Friday, October 28, 2005

Risking the American Dream

A Mexican family crossing the border into Arizona illegally discovers a young mother badly injured in the desert. Do they continue ahead to what they hope will be their promised land, or do they find notify the Border Patrol about the injured woman and risk losing their American dream? Margaret Regan of the Tucson Weekly uses compelling narrative writing to tell us this tale of life and death, hope and despair, and heroes and villains in "Marta's Story."

Thursday, October 27, 2005

Learning How to Save Lives

As the United States faces a growing shortage of nurses, Scott Allen of the Boston Globe began looking at what it takes to train a new nurse. The result of his enterprising reporting is a masterful four-part series, "Critical Care: the Making of an ICU Nurse." Allen uses a narrative approach to take us behind the scenes at Massachusetts General Hospital, showing us the difficult work and critical decisions nurses make on a constant basis. The human drama makes this article read like a novel. Michele McDonald's photographs are equally as gripping.

Wednesday, October 26, 2005

Bosses of Disabled Workers Make Big Bucks

The heads of some charities are making increasing amounts of money while paying workers with disabilities less than the minimum wage, Jeff Kosseff and Bryan Denson of the Portland Oregonian reveal. In "CEOs benefit as charities boom," they use U.S. Labor Department records to trace the growing disparity between these chiefs of not-for-profits and the disabled workers they employ to fulfill government contracts.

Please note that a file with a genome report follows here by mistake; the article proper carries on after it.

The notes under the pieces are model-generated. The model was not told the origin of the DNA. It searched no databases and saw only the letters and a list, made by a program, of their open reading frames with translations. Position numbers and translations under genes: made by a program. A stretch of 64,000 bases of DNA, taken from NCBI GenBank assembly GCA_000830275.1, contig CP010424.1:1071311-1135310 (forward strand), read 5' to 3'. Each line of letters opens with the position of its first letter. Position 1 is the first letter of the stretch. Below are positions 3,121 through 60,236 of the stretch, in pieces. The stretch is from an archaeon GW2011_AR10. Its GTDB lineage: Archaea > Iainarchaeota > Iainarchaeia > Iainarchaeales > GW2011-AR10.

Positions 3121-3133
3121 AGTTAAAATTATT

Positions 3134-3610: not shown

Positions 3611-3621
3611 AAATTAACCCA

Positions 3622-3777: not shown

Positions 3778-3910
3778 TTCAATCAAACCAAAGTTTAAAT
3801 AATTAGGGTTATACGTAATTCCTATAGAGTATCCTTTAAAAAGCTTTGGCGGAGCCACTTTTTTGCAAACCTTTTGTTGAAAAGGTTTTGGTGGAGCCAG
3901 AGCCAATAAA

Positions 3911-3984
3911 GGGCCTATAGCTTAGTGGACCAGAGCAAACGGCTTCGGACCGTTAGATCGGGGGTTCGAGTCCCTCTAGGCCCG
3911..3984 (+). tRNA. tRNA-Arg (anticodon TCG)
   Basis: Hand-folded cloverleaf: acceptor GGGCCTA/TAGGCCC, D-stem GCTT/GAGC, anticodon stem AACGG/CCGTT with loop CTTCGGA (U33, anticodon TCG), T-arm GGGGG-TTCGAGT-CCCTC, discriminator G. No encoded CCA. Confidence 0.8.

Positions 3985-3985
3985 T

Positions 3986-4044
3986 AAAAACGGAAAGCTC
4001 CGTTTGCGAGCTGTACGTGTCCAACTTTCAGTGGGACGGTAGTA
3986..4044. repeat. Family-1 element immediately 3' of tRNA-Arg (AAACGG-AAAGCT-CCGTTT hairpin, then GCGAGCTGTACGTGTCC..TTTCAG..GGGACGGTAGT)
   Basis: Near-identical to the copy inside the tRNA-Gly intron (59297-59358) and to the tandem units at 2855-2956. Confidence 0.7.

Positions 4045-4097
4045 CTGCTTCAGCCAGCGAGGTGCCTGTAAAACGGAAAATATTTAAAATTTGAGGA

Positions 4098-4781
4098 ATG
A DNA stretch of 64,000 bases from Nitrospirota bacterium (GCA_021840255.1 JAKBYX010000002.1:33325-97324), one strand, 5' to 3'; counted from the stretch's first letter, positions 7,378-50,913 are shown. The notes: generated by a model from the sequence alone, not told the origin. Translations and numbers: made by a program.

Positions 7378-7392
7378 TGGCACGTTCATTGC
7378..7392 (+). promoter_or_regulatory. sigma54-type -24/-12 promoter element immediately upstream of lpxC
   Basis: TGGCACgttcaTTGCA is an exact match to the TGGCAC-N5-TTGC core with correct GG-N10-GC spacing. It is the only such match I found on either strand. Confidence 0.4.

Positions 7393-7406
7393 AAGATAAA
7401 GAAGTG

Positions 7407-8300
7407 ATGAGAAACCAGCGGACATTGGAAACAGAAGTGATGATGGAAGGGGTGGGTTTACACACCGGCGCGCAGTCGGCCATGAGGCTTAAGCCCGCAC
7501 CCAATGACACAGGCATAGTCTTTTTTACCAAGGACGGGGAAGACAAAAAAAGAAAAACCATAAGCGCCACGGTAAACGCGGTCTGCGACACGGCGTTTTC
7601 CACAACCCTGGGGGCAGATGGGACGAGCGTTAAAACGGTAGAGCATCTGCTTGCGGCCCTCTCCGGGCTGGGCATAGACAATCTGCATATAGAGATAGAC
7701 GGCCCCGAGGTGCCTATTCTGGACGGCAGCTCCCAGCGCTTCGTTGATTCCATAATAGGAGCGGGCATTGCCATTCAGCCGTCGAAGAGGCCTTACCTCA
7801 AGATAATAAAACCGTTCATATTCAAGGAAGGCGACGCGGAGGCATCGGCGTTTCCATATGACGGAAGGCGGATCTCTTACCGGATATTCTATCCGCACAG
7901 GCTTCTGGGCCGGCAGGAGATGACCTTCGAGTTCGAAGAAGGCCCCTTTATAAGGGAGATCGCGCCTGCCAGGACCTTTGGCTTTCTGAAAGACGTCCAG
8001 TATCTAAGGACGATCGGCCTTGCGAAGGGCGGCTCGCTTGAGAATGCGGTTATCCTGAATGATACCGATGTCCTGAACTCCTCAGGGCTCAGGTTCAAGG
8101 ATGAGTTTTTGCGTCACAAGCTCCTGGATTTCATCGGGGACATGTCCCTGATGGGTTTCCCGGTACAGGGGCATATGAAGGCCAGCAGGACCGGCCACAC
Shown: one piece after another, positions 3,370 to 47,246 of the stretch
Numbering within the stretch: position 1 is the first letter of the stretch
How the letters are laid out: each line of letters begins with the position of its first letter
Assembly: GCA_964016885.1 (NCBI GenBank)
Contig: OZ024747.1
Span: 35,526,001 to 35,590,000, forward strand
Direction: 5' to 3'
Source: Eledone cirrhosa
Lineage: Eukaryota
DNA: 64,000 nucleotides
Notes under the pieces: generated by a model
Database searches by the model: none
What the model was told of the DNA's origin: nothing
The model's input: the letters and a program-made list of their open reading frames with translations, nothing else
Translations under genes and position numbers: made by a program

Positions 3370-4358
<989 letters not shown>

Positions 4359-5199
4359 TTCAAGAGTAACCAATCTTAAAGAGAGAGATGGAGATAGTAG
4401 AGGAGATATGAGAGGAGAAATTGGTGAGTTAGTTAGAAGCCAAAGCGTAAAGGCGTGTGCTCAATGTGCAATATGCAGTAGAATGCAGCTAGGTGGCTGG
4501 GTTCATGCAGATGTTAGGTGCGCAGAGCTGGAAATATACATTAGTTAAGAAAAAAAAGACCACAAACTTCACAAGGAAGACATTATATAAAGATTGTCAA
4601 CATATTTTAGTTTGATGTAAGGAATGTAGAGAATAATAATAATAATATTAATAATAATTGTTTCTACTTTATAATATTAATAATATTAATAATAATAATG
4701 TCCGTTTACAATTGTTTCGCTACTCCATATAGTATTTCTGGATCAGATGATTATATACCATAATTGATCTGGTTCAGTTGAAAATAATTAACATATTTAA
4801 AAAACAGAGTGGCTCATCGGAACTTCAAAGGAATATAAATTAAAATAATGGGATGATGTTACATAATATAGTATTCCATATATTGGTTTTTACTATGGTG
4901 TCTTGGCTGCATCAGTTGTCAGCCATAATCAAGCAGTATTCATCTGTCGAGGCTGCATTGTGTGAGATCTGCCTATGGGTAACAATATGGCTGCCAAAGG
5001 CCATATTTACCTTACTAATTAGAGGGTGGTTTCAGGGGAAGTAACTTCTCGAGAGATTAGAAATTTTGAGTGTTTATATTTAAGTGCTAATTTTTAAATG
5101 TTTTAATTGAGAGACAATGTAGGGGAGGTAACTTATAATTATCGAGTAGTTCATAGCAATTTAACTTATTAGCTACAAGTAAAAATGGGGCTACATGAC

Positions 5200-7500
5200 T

Tuesday, October 25, 2005

Golden Stories

The New York Times has taken it on the chin lately for its mistakes. But it remains, in my humble opinion, the nation's best newspaper because of the tremendous depth of its reporting. A great example are stories it has run this week on the human and environmental cost of the world's growing appetite for gold. In Monday's "Behind Gold's Glitter: Torn Lands and Pointed Questions," Jane Perlez and Kirk Johnson takes us behind the scenes of the gold industry from Montana to India to Ghana and beyond. And in today's Times, Perlez's and Lowell Bergman's "Tangled Strands in Fight Over Peru Gold Mine" gives us a passionate look at the impact that mining is having on a peasant community high up in the Andes.

Monday, October 24, 2005

Luring Athletes

I continue to be impressed by the Pittsburgh Post-Gazette's sports department, which has a knack for finding the trends and human stories behind the headlines. For instance in "Coaches' new tool: 'texting' recruits," Ray Fittipaldo shows how college coaches are using text messaging to get around limits on how often they can talk with high school athletes. It's a fascinating look at how big-time NCAA sports recruiting works.

Sunday, October 23, 2005

$20 Ice-Cube Trays

The Pentagon is wasting taxpayer money again by paying $20 for ice-cube trays and $81 for coffee makers it once purchased for $29, according to an investigation by Lauren Markoe and Seth Borenstein of Knight Ridder Newspapers. In their story, "Pentagon purchases: Millions in markups," they analyze data to show how a purchasing program called "prime vendor," which uses middlemen rather than buying directly from manufacturers, costs taxpayers 20 percent more than the previous system.

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